From vampires to witches, demons to ghosts, Halloween is packed with all sorts of spooky stuff. All of which is old as probably not Hell, but yknow, a couple hundred years old. Or just like 90 years. But hey, I got a little bit of information and free time to kill.
The mummy is much older than Halloween, the earliest ones dated back to around 5,000 years, and then raided by British archaeologists and stored somewhere in a museum. So how did they become staples of Halloween? They don’t have major costumes, there’s no name attached to them, and yet they’re one of the main centerpieces of Halloween monsters.
So how did it get there? I actually looked into it (just for this blog specifically.)
Excerpted from, Halloween Monsters: Mummies, Abigail Owen states, “In 1903 Bram Stoker (of Dracula fame), wrote The Jewel of the Seven Stars, a first-person narrative of a young man pulled into an archaeologist’s plot to revive Queen Tera, an ancient Egyptian mummy.”
So 1903 was the first major example of a mummy being a monster. Cool! It also aligns with a lot of pop culture depictions of mummies, of a guy in an explorer’s hat exploring a mummy’s crypt.
29 years later, the Mummy idea would be face greater publicity with the release of the 1932 movie The Mummy by Boris Karloff where a team of British archaeologists discover the mummified remains of an ancient Egyptian prince. It actually looks like it has a lot more plot than that, the mummy returns to life by reading his “ancient scroll aloud” and disguises himself as a richman ala Frankenstein, but the production was a hit, thus solidifying mummies into the Halloween monster lexicon and most probably where you got it from, Halloween merchandise. (I swear there’s gotta be a catalog for these things.)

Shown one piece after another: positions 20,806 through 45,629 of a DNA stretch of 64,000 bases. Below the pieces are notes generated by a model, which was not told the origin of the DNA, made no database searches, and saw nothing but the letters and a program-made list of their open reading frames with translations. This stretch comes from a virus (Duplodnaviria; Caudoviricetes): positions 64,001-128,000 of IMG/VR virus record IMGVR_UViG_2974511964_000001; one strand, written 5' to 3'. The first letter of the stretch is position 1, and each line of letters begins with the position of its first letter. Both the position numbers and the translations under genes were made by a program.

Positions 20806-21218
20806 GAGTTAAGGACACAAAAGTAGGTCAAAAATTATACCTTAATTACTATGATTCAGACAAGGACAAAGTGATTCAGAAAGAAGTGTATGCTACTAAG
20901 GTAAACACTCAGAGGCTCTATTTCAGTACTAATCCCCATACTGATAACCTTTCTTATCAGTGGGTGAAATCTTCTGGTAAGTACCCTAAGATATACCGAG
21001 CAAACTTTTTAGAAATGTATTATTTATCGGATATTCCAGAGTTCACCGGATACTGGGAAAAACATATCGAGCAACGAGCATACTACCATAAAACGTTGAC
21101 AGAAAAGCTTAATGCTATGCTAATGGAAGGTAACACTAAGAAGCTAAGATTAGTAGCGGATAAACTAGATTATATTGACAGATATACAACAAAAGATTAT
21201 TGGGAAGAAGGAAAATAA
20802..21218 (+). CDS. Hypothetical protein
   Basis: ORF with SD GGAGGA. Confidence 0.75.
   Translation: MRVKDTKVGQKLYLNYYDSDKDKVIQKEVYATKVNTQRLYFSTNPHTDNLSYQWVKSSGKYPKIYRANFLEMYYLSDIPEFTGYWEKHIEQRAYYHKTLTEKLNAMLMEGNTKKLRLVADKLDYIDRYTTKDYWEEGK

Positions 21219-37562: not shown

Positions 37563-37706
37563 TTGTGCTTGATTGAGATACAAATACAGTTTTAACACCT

Now, I am not able to succinctly pin down “ghosts.” I can tell you that much, especially in a six hundred word cap. However the idea of sheet ghosts are interesting. This one’s a bit macabre, but you’re literary art students.
Before coffins, the dead were wrapped in burial shrouds, or from poorer families, their sheets from their deathbed. This goes back to the 1300s, where ghosts were often skeletons draped in their shrouds. Ghosts were thus often connotated of being draped or clothed in white, so much so people were mistaken for a ghost or shot at because of it.
This depiction of ghosts made its way into the theatre and Victorian photography, where often to imitate ghosts people were dressed in white garbs from head to toe. By now, bedsheet ghosts were less of a scary omen and more of a laugh, but what really changed and cemented that idea was children’s programming. I’ve actually seen a couple of these myself, The Lonesome Ghosts from the Mickey Mouse cartoons, Scooby Doo and The Phantom Ghost, along with Casper. By now, ghosts are more prominently portrayed as clips. Little pieces of the living that are no longer preserved and will disappear in front of you.
sources are Halloween Monsters: Mummies by Abigail Owen and Why Ghosts Wear White Sheets (And Other Spectral Silliness) by Rae Alexandra